Credit to Author: Lori Fox| Date: Wed, 23 Jan 2019 14:29:18 +0000
“Here in Dawson, we are fortunate that we have six seasons. The regular four,” says Otto Muehlbach, ticking them off on his fingers, “and two more; freeze up and break up.”
Muehlbach—an older man with a kind, thin face, a wool cap pulled over his ears and a lingering, pleasant accent from his German roots—runs Kokopellie Farms with his partner, Conny Handwerk. When VICE caught up with him January 16, he was just finishing selling his wares—onions, beets, potatoes and carrots with the dirt still clinging gently to them—at the Dawson City Arena.
In order to get there, Muehlbach drove from his farm in the Sunnydale neighborhood of West Dawson, where he has lived for eight years, across the Yukon River to get to Dawson City. In other years, Muehlbach would have taken the official ice bridge, a government-sanctioned roadway which has traditionally formed, mostly of its own accord, when the river iced over during the long winter freeze. However, in the last two years, the river has failed to freeze sufficiently at the usual place to create this government-maintained road.
The bridge, which is usually 400 metres long and 60 metres wide, has been operated and maintained officially by the Yukon Government (YG) since the 1960s. At the the time VICE visited Dawson in mid-January, there was still a long, dark slash of open water at the point the ice bridge should be.
This means that the 150-some people who live in West Dawson and Sunnydale have to find an alternative, unsanctioned work-around. Otto himself says he has been driving across the river near a large gravel bar, upstream of the intended bridge point.
During the summer months, the communities are connected via the George Black ferry; the place where the ferry crosses the river is also the place where the ice bridge is supposed to be. The ferry usually stops running sometime in October and the ice bridge usually opens anywhere from November to February, depending on conditions, and is in use until April at the latest. This creates two shoulder seasons each year when West Dawson is cut off from the rest of the community and there is neither ferry services nor an ice bridge—the “freeze up” and “break up” seasons to which Otto was referring.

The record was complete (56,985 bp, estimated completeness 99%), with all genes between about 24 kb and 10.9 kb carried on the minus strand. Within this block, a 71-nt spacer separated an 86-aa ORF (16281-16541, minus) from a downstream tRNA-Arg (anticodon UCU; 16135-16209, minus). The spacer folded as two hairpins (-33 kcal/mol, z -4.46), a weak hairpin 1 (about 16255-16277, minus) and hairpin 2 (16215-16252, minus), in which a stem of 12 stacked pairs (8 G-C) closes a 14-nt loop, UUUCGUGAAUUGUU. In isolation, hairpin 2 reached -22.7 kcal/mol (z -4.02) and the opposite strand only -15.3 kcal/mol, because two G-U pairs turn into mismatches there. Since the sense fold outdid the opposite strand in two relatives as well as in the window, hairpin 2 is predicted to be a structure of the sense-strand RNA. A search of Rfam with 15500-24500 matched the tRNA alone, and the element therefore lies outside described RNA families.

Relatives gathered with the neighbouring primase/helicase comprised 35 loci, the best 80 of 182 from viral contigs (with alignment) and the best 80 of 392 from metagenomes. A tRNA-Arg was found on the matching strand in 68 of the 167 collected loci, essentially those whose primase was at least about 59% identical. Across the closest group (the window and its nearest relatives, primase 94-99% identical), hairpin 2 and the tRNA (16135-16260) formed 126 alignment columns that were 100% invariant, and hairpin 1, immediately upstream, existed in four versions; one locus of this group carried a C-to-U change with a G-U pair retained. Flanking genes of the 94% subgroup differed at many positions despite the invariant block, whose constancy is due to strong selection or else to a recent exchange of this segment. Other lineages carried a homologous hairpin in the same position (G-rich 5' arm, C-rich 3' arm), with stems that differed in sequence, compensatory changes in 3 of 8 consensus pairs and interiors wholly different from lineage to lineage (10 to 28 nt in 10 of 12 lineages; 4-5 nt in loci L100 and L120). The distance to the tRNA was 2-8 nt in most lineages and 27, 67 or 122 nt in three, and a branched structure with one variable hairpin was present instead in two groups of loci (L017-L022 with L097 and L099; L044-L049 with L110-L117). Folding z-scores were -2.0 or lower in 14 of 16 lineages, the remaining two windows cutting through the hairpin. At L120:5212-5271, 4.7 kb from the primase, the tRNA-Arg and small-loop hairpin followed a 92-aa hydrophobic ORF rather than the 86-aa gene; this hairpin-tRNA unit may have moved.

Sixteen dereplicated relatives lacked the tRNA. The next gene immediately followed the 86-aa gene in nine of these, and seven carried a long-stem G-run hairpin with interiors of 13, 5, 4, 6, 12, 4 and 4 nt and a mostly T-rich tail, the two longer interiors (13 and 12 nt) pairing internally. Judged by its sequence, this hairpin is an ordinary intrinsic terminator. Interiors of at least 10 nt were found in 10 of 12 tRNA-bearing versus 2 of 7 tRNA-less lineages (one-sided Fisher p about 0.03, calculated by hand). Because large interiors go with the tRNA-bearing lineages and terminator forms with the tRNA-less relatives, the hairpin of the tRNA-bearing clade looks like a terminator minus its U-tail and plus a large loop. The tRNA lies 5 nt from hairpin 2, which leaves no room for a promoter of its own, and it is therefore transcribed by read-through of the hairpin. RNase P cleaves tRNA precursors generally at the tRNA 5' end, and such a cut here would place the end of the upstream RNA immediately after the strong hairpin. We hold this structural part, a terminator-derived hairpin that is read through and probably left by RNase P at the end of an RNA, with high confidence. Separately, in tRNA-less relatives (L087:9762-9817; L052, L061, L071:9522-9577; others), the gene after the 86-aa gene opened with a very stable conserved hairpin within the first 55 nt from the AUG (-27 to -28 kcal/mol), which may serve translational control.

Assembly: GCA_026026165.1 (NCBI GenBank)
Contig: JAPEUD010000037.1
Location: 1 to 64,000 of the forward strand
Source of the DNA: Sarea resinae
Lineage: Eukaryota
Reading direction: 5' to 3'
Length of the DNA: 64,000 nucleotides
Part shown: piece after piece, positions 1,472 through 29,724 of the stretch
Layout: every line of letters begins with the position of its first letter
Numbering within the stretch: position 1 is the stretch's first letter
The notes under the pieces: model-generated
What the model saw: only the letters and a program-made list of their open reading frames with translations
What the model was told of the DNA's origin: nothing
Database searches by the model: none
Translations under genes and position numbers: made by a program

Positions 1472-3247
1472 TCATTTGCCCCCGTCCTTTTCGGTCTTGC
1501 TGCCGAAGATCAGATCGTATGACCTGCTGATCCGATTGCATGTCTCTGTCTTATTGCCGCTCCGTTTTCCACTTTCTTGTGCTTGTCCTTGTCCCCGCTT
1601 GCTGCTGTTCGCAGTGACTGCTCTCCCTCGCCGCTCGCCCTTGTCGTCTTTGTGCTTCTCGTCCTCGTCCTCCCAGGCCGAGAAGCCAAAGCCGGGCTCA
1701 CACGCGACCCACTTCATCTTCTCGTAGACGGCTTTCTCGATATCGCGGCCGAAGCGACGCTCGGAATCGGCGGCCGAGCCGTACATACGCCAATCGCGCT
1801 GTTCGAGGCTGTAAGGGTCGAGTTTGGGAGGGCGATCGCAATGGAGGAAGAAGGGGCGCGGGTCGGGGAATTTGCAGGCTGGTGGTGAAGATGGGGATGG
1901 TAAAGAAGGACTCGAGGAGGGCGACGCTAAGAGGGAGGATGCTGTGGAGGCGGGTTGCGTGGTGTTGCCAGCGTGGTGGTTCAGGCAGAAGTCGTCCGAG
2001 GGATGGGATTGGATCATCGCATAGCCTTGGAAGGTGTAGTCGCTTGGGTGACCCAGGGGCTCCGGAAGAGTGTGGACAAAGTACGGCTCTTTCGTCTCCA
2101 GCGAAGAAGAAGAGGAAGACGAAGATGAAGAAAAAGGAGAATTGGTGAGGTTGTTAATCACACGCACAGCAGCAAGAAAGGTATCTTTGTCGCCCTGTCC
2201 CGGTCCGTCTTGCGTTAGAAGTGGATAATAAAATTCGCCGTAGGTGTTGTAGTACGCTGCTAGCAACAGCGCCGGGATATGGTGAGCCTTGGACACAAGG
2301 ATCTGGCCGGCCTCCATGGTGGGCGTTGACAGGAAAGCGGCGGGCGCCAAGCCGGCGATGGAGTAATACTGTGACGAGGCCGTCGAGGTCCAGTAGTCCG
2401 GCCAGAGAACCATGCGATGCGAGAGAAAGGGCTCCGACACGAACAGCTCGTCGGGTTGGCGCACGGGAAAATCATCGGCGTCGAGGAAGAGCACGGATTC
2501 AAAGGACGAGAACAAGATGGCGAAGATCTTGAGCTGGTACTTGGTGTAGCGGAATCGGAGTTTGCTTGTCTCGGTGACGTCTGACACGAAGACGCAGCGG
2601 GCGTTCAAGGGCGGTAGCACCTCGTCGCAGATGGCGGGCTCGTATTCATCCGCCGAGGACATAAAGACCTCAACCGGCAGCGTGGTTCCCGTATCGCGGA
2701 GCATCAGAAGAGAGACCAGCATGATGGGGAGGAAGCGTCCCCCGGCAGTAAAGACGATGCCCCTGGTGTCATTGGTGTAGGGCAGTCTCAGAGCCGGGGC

It has been an unusually warm winter across much of the Yukon, although Dawson has still seen -40 degree temperatures. The weather this week is supposed to be in the low to mid -20s; definitely ice-freezing weather.
A 2018 National Research Council Report on the issue cites a growing gravel bar—which has changed the flow of water, ice and debris, affecting ice accumulation at the bridge site—ice jams farther upstream and “warm effluent” from the Dawson wastewater plant as possible influences for the change.
The report notes, “the impact of climate change on the future operation of the ice bridge should also be assessed.”
The idea of building of a bridge—a permanent one—has been floated from time to time, an idea which has typically been nixed, says Jones, because of cost.
The last time the issue was discussed in 2005, bids for building a bridge came in at $50 to $60 million.
“(The Yukon) is a big river,” says Jones. “At this time, there’s absolutely no prospect of a (constructed) bridge happening. At the moment people are just going to have to live (without reliable winter access).”
Despite the difficulties the situation imposes on some people, even if it were on the table, many West Dawsonites are not in favour of a permanent bridge, including Jones and Muehlbach, arguing it would destroy the unique character of their community, which many people choose to live in because of the off-grid, semi-wilderness lifestyle it allows them to have.
For his part, Muehlbach says the situation doesn’t really bother him; it’s just part of living in West Dawson.
“It’s a fact: if you’re trying to beat Mother Nature you’re going to lose,” he says. “You’ve got to adapt.”
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